Create a Power Pivot Report
Viewing rows and rows of data in different tables is exhausting. Can anyone make any sense out of it? Yes, you can. Data only becomes meaningful when presented in a form of report. As you go through this topic, you will understand how by creating a Power Pivot report using the data in your Data Model, you can organize and manipulate it in ways that it can be analyzed and understood.
Create Calculations in Power Pivot
You have created a Power Pivot report, but there may be additional information that you want to include into your analyzes which is not included in the Data Model. Fortunately, with Power Pivot, you can create new columns and fields by performing calculations. In this topic, you will create basic calculations in Power Pivot by using Calculated Columns, columns of data added to a table in the Data Model that is created using a Data Analysis Expressions (DAX) formula.
Working with Advanced Functionality in Power Pivot
Now that you have mastered creating reports from your Power Pivot data and used basic calculations in them, you are ready for next step. This lesson will focus on more advanced functionality included in Power Pivot that helps measuring performance and analyze data over time. Being able to incorporate performance measures into your reporting and compare data over time will enhance your ability to analyze large amounts of data quickly and easily. In this lesson will learn to measure performance against targets using key performance indicators which is very helpful in sales and finance.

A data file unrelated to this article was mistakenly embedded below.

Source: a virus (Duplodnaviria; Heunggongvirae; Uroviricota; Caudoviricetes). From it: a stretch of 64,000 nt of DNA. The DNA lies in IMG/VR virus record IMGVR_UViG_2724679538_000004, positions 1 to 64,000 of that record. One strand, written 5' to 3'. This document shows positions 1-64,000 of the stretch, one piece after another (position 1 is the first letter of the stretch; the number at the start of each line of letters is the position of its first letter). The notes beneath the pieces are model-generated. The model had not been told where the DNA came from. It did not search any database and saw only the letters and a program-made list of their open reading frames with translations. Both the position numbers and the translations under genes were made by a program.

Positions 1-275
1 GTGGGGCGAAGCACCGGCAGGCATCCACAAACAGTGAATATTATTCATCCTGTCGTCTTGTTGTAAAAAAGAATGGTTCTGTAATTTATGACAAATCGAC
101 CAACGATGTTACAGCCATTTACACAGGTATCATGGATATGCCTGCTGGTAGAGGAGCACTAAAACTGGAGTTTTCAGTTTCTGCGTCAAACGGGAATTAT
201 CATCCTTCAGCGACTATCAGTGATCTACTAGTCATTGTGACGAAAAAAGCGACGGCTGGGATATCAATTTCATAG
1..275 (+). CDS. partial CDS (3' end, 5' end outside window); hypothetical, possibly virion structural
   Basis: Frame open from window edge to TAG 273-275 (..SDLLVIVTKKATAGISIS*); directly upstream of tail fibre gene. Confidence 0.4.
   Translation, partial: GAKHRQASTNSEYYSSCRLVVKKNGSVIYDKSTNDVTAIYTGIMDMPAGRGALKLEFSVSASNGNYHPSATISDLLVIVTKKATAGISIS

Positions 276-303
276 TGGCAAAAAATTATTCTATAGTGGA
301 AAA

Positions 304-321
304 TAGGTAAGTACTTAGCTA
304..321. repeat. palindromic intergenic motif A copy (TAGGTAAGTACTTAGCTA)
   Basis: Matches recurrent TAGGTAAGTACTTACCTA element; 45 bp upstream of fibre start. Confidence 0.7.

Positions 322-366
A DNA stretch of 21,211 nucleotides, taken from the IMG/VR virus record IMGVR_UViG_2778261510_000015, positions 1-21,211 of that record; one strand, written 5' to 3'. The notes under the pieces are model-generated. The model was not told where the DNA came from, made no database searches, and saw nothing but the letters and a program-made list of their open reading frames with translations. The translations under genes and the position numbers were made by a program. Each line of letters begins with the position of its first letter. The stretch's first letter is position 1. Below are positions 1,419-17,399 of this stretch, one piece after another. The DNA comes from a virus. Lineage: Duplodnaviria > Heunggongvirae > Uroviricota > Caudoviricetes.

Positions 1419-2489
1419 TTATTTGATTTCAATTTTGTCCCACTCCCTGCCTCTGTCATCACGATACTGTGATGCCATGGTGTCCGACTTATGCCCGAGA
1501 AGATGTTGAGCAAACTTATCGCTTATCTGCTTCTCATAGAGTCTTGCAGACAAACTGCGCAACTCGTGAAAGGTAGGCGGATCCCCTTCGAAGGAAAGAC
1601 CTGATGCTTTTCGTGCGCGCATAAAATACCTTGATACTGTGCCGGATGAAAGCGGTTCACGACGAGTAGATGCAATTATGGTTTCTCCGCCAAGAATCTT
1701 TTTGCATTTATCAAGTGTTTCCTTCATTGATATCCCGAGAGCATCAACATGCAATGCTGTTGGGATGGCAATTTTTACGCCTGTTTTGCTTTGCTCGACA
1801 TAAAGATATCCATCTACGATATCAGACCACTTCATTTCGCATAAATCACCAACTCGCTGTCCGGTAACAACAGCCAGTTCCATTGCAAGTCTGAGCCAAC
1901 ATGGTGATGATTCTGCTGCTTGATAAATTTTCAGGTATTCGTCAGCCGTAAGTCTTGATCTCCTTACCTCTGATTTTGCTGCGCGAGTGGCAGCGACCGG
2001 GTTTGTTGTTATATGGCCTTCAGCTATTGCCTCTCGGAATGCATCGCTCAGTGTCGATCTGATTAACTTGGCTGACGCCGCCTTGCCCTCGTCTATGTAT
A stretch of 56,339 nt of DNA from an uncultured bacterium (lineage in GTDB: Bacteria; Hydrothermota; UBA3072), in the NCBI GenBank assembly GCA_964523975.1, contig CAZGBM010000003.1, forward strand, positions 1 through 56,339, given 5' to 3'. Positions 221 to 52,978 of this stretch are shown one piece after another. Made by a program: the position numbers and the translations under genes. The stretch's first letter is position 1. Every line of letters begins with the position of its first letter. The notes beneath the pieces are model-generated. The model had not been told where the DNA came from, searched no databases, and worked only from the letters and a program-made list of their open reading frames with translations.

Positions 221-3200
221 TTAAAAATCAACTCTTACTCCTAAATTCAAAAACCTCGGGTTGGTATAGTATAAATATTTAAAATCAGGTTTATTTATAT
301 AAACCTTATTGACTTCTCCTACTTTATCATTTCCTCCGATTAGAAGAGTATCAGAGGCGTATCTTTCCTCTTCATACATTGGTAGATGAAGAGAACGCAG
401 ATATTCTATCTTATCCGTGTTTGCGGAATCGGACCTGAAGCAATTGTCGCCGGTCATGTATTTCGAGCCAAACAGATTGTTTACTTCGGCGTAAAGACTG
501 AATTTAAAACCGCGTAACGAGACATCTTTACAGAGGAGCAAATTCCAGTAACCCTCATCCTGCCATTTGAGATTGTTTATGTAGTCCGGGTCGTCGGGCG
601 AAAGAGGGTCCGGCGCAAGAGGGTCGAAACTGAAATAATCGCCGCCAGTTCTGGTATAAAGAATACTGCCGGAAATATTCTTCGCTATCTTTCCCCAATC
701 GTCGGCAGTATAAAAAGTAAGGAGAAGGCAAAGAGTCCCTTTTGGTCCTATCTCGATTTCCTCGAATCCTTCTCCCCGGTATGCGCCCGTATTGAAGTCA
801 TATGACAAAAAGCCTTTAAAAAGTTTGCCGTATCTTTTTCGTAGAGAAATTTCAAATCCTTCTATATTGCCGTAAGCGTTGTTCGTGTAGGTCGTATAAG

Create a Key Performance Indicator
If you need to measure the performance of data against a target then you want to spend some time learning of Excel’s way to measure performance in your data with key performance indicators. In Power Pivot, key performance indicators (KPIs) are visual measures of performance. Their purpose is to help you quickly evaluate a value and status of a metric against a defined target. Suppose you need to verify if the target amount to sell per quarter is being met by each sales agent in your department? Invest your time now in learning how to create KPIs.
Work with Dates and Time in Power Pivot
You are measuring performance with a KPI and much of your data analysis involves comparing data over time. You already know how you can group dates and use a timeline to organize and filter PivotTable data. Additional Power Pivot functions will enable you to compare calculations over time periods. To work with more advanced formulas in Power Pivot, you will need to employ the use of Data Analysis Expressions (DAX). DAX is a formula language used in Power Pivot. DAX is similar to the formulas that are regularly used in Excel, but DAX is designed to work with tables and columns of data rather than individual cells. You can use DAX to create custom calculations for calculated columns and fields. Congratulations! You have successfully completed the Microsoft Office Excel 2013: Data Analysis with PowerPivot!
Microsoft Excel PowerPivot was last modified: March 8th, 2017 by darrell